Review by BEN BOQUISTJune 23, 2017 certified reviewer
What I liked
The dialogue, the cast, the direction and the themes
What I didn't like
My overall impressionI saw this play almost a week ago and haven’t stopped thinking about it since. The writing is phenomenal, smart and tense. Kind of like game of thrones meets house of cards with a little bit of 12 angry men. The cast is phenomenal. Especially Meletius, but honestly, no weak members here.
And what makes them so great is their ability to spout off dense paragraphs of theology in a way that sounds spontaneous and personal. These characters are smart people, and largely, godless people. Which is why this whole set up is so haunting.
There is only one woman in the cast, and she spends most of her time validating and caring for the men. They, meanwhile, argue passionately about which pieces of theology should be cemented into Christianity’s orthodoxy.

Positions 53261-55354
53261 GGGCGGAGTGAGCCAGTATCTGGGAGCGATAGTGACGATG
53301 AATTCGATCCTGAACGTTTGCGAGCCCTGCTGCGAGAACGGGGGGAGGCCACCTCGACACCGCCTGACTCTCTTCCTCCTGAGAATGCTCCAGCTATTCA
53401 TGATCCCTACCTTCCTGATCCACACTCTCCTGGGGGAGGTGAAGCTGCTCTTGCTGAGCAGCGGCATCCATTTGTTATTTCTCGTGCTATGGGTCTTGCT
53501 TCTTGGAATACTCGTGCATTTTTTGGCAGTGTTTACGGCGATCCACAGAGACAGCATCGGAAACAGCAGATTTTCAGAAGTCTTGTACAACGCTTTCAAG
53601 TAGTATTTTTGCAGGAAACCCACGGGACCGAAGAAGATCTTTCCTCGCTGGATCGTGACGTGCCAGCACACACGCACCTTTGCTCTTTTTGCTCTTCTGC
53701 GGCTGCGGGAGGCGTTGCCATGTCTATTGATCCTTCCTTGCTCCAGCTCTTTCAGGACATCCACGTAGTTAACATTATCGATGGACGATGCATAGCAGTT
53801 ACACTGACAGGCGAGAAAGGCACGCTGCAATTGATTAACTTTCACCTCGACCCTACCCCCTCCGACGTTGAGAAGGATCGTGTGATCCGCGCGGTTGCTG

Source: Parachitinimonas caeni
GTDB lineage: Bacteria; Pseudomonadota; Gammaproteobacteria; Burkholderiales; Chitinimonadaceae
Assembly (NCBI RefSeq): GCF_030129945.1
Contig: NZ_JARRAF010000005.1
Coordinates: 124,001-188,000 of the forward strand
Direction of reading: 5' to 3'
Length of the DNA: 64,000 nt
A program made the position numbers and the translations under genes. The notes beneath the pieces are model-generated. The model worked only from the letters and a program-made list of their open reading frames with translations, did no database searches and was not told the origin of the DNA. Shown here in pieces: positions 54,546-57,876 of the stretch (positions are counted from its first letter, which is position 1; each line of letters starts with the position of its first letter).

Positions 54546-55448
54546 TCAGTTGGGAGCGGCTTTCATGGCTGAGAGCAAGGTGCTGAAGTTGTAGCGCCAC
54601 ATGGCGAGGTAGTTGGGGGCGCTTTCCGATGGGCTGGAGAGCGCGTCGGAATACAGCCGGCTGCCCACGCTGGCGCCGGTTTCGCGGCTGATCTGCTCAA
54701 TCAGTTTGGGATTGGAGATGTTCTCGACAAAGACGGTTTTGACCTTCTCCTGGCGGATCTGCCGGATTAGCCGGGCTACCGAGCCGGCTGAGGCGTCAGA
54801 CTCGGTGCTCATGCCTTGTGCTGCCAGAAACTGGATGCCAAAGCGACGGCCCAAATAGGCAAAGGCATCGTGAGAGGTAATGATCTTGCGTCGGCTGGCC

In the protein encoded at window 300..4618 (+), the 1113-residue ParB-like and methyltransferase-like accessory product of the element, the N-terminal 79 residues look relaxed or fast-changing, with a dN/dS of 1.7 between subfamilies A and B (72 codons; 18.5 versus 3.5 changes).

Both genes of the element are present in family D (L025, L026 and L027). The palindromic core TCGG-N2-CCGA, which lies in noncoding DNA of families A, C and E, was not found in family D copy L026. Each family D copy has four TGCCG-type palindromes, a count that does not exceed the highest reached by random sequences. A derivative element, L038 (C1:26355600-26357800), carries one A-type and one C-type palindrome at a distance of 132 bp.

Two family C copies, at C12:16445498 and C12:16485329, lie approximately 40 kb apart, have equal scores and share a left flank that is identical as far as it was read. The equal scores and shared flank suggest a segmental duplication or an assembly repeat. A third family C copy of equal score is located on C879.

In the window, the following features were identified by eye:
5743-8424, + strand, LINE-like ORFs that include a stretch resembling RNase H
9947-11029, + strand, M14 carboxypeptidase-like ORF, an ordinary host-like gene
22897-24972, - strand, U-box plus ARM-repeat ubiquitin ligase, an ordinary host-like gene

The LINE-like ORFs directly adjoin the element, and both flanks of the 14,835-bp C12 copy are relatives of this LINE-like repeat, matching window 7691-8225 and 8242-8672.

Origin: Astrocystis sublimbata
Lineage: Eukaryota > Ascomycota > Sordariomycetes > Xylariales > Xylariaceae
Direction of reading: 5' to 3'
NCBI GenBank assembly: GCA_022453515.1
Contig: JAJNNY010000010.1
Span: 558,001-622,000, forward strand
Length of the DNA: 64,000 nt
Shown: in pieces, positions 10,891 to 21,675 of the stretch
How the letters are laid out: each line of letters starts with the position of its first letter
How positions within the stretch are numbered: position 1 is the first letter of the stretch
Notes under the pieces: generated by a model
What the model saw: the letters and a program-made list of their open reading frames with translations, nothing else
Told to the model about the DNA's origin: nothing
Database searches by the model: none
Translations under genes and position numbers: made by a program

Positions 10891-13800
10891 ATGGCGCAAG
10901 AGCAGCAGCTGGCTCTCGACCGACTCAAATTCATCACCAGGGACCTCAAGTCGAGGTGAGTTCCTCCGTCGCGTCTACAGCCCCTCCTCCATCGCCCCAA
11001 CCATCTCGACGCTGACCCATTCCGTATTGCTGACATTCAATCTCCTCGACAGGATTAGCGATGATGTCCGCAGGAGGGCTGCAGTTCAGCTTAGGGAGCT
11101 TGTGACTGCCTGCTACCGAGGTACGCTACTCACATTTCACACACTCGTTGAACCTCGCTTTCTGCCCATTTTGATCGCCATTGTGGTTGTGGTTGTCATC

But after a few scenes, The play makes you question their motives.is this really about arriving at the truth? Or are these aggressive alpha males vying for dominance in a new empire?
The character of Arius is the one whose thoughts we glimpse the most. And playwright Tricia Aurand makes him a very flawed and selfish person.
In addition to the complex characters, beautiful language and tense power dynamics, there’s also a fascinating commentary on the nature of Christ. Was he God? Was he man? What is his essence? Why does it matter?
But it never answers those questions. It just gives passionate characters ample room to argue their points.
Another standout her is Eusebius who (spoiler alert) as a eunuch, seems to be less obsessed with “truth” which is to say being right, than his macho peers.
Overall, I thoroughly enjoyed and got lost in this thoughtful look at the toxic masculinity behind Christianity’s political movement.